Singer-songwriter and farmer Tom Wuest was born in Cincinnati, Ohio. He married Karen in 1993 and, after she finished her MFA in creative writing in Colorado, the two of them moved to Vancouver, where their sons were born. In Vancouver Tom studied theology at Regent College while writing singable music for churches. He also helped start Red Clover Farm (then part of the ministry Jacob’s Well), growing organic produce on vacant lots for distribution to the community. After seven years of urban farming, in 2008 the Wuests moved to Galiano Island, one of the Gulf Islands off the southern coast of British Columbia, to farm in a rural context.

In 2011 Tom and his family returned to the US and lived among the Vineyard Central community in Norwood, Ohio, before moving, in 2012, about an hour southeast to a one-hundred-acre plot of land in Adams County, where they set about restoring an old farmstead, living in a dairy barn while they built their house. It’s there, at the foothills of the Appalachian Mountains, that they live now. On their farm they tend animals, vineyards, and large gardens; make their own cheese, butter, bread, and wine; and forage onions, garlic, mushrooms, and other wild foods. They regularly hosted and supported the “parish farmers” of Moriah Pie, a pay-as-you-can, locally sourced pizzeria in Norwood founded by Robert and Erin Lockridge, during its eight years of operation.

“A large part of my vocation is connected to sustainable building and tending the beauty, integrity, and health of the community of creation,” Tom told me. “The songs I write all come out of the confluence of this labor as I seek to love this place, this community, and all who dwell here—offered in love to the broader community of ‘seekers and sufferers’ (as Jürgen Moltmann puts it) in the world.”

Tom’s most recent musical project has been collaborating on the Parish Collective’s Songs of Place, a live album that will be released in the coming months and that features six of Tom’s original songs. When writing music, he says, he likes to look for places where the story of God meets our story.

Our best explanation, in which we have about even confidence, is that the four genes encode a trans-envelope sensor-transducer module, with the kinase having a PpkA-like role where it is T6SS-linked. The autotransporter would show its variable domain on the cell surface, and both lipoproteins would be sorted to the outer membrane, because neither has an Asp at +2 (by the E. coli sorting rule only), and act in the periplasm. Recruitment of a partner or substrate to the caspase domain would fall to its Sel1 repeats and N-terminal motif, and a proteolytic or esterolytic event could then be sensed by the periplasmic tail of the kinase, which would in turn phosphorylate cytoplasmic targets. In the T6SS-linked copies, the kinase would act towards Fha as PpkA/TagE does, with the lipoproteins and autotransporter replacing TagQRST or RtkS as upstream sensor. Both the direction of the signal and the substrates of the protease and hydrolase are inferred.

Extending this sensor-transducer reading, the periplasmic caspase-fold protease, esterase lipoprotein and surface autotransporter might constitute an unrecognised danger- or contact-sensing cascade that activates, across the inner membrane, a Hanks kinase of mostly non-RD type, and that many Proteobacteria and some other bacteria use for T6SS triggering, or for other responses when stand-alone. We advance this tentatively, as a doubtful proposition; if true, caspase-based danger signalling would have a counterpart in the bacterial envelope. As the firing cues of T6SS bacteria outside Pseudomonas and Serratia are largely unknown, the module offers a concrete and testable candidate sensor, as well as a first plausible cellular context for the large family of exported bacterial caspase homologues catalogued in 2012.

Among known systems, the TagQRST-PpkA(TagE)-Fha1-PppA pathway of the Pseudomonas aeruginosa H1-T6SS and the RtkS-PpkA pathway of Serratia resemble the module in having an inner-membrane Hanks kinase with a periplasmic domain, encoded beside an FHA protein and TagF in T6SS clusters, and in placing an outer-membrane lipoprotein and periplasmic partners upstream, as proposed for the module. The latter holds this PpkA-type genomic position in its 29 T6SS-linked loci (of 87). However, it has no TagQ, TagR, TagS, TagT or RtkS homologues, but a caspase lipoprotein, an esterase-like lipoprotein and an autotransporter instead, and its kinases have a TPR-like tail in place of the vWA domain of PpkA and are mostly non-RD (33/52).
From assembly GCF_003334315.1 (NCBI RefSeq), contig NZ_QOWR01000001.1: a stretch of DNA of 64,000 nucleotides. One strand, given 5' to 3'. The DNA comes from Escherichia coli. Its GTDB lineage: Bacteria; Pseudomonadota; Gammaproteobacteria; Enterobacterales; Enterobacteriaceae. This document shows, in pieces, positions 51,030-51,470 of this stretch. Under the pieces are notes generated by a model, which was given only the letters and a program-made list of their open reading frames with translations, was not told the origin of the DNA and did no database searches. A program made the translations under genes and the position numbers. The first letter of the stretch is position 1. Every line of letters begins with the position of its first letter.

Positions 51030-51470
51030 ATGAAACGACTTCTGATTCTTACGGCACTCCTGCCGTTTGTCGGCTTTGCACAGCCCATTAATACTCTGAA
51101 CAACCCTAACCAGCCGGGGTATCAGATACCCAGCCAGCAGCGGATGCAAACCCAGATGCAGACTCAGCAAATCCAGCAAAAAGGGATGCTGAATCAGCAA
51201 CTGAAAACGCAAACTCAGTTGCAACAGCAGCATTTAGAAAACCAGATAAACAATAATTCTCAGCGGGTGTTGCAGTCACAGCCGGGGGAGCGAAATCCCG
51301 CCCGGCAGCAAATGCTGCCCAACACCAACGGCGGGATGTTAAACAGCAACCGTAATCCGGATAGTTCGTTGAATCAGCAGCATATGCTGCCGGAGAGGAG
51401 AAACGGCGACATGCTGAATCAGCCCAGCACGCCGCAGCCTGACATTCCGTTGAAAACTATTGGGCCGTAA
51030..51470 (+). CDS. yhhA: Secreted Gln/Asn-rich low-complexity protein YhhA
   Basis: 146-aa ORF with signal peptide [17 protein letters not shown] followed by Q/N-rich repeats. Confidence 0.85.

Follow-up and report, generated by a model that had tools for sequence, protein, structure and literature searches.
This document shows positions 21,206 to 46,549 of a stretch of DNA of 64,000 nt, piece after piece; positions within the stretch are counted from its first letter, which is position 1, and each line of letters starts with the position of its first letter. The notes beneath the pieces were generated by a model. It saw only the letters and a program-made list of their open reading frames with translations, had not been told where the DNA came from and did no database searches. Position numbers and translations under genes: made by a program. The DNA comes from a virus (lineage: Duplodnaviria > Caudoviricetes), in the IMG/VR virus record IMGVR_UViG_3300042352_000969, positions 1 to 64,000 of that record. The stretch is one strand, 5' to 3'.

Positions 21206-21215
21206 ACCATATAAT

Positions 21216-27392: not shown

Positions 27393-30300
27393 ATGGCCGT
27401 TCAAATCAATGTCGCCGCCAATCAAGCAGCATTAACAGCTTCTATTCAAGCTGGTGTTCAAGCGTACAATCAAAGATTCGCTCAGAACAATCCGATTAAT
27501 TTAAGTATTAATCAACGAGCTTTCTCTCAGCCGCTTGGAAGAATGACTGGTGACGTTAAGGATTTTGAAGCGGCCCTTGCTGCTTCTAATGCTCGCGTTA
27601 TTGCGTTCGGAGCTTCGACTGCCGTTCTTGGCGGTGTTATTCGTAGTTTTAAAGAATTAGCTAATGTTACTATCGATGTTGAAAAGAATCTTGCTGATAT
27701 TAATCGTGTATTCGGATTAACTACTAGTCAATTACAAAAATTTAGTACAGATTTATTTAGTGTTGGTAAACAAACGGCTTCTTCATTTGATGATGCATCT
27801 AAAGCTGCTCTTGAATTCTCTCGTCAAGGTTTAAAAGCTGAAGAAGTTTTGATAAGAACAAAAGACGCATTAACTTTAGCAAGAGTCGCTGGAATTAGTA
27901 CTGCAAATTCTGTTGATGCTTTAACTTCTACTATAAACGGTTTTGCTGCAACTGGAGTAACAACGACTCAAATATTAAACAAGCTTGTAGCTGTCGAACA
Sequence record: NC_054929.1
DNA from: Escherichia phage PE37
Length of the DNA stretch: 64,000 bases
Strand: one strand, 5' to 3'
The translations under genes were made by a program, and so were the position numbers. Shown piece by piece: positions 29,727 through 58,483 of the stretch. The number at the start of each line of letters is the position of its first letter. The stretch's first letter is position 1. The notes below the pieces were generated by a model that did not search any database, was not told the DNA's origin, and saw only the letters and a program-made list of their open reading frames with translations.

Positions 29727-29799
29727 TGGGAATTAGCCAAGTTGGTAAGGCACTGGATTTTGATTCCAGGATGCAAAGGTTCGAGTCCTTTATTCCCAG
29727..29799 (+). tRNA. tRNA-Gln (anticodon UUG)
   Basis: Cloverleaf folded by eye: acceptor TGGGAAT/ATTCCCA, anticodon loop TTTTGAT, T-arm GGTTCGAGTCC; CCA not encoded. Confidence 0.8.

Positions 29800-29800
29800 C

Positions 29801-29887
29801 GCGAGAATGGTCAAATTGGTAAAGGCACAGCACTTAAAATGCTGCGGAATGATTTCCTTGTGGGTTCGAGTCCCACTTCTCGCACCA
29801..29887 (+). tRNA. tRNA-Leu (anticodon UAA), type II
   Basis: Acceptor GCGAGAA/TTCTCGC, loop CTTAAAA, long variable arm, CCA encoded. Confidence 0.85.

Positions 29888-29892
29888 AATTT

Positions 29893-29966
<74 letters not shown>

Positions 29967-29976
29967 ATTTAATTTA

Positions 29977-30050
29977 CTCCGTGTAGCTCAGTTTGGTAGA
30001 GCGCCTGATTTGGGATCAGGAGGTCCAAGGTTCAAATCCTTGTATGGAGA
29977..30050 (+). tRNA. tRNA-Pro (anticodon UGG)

Explore more of his music at https://tomwuest.bandcamp.com/ or wherever you listen to music.

Advent, Day 25: Our Candles Burn

LOOK: Old Woman and Boy with Candles by Peter Paul Rubens

Rubens, Peter Paul_Old Woman and a Boy with Candles
Peter Paul Rubens (Flemish, 1577–1640), Old Woman and Boy with Candles, ca. 1616–17. Oil on panel, 77 × 62.5 cm. Mauritshuis, The Hague, Netherlands.

LISTEN: “The Night Is Long (But Not for Long)” by Steve Thorngate, on After the Longest Night (2018) (sung by Libby Thorngate)

Our nights are long, but they’re getting shorter
Ever since you crossed over our border.
Our candles burn while we wait for dawn.
The night is long, but not for long.

Our hope has come. Our despair is buried.
The light of the world is the child of Mary.
God in our bones, God who knows our song.
The night is long, but not for long.

It seems so hard, harder than it should be,
To see the world the way it could be,
To press right on when hope is almost gone.
The night is long, but not for long.

But this world is good, good enough for Jesus
To come and live a life that frees us,
To bend toward right everything that’s wrong.
The night is long, but not for long.

Our nights are long, but they’re getting shorter.